Air Pump and Tank Sizing Facts

Standard pumps handle flow rates up to 15 gpm. A commercial pump is used for flow rates over 15 gpm.

Output of standard pump: 0.38 cfm @ 0 pressure; 0.15 cfm @ 50 psi.

General Rule of Thumb on Tanks: The gallon capacity of the tank should be at least double the flow rate.

A flow rate of 8 gpm requires a 16-gallon tank (10 X 54). This works for most residential situations.

A flow rate of 10 gpm requires a 20-gallon tank (12 X 52).

A flow rate of 24 gpm requires a 48-gallon tank (16 X 65).

General rule on hydrogen sulfide: The standard Aer Max unit treats up to 6 or 7 ppm sulfide well. Tank size should be increased for greater amounts. For up to 12 or 13 ppm, use a 12 X 52 tank.

Where to get more information about aeration systems (and even buy one if you want). There is more specific tank sizing information below.


The "venturi" system

Venturi Aeration System


The venturi system shown above uses no power. When the well's pump comes on in response to low pressure in the pressure tank, air is sucked into the main water line through the small venturi valve just before the pressure tank. The air is mixed with the water inside the aeration tank at right. Some of the air is vented to the atmosphere through the small vent valve on top of the aeration tank. After a short residence in the tank, the aerated water continues to the next treatment stage via the water pipe at right.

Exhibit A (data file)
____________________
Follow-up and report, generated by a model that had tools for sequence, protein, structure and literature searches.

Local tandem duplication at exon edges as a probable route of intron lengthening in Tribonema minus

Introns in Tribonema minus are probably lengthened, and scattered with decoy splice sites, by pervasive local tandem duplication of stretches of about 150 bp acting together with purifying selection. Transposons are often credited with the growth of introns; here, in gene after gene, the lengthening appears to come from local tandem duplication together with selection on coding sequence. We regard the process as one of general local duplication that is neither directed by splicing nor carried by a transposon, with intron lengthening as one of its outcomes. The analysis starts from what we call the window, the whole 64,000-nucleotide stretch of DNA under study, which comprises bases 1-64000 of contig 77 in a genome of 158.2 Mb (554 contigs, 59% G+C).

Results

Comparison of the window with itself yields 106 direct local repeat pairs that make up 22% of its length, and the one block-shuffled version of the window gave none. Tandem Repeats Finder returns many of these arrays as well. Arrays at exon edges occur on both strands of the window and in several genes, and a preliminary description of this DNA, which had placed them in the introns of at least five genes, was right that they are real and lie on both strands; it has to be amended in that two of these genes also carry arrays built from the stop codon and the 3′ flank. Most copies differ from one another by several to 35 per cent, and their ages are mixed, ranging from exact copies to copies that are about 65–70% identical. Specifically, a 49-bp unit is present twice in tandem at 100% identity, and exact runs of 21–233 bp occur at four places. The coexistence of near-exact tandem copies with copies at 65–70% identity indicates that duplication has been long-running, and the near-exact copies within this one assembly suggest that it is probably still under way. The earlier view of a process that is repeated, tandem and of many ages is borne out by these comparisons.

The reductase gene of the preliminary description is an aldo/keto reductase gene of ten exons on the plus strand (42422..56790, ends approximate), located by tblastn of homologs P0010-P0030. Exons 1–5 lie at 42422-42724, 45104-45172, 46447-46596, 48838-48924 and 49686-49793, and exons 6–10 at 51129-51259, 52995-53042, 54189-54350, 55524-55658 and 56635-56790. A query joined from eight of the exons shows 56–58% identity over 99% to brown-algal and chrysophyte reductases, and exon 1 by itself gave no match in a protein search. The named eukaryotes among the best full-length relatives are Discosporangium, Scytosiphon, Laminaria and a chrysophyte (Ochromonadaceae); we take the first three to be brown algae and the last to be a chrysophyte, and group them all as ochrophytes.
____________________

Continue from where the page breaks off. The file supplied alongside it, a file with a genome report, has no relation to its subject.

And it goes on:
Close-Up of a Venturi Valve.

Venturi systems are simple and relatively inexpensive, but they have the disadvantage of restricting water flow (the venturi pinches the water stream to create the vacuum needed to pull in air).

Aeration Tank Sizing

Sizing of aeration tanks for optimal performance in general involves providing about 2 gallons of tank space for each anticipated gallon-per-minute of service flow of the unit. In other words, If you anticipate service a service flow of five gallons per minute, be sure to provide at least ten gallons of aeration tank space. This rule is commonly violated with the less expensive venturi systems.

For most residential use, the most common aeration tank size is 10" x 54". This holds about 16 gallons of water and will therefore support a service flow of eight gallons per minute comfortably.

The chart below gives the most common mineral tank sizes that are used for residential aeration units.

Tank Size
Approximate Gallon Capacity
Approximate Service Flow Supported, In GPM
7 X 44
8 X 44
9 X 48
10 X 44
10 X 54
12 X 48
12 X 52
13 X 54
14 X 65
16 X 65


More information:

AerMax Air Pump Systems

Venturi System Parts

AerMax and other air treatment system parts

Eliminator Single Tank Aeration/Filtration Treatment for Iron and Hydrogen Sulfide.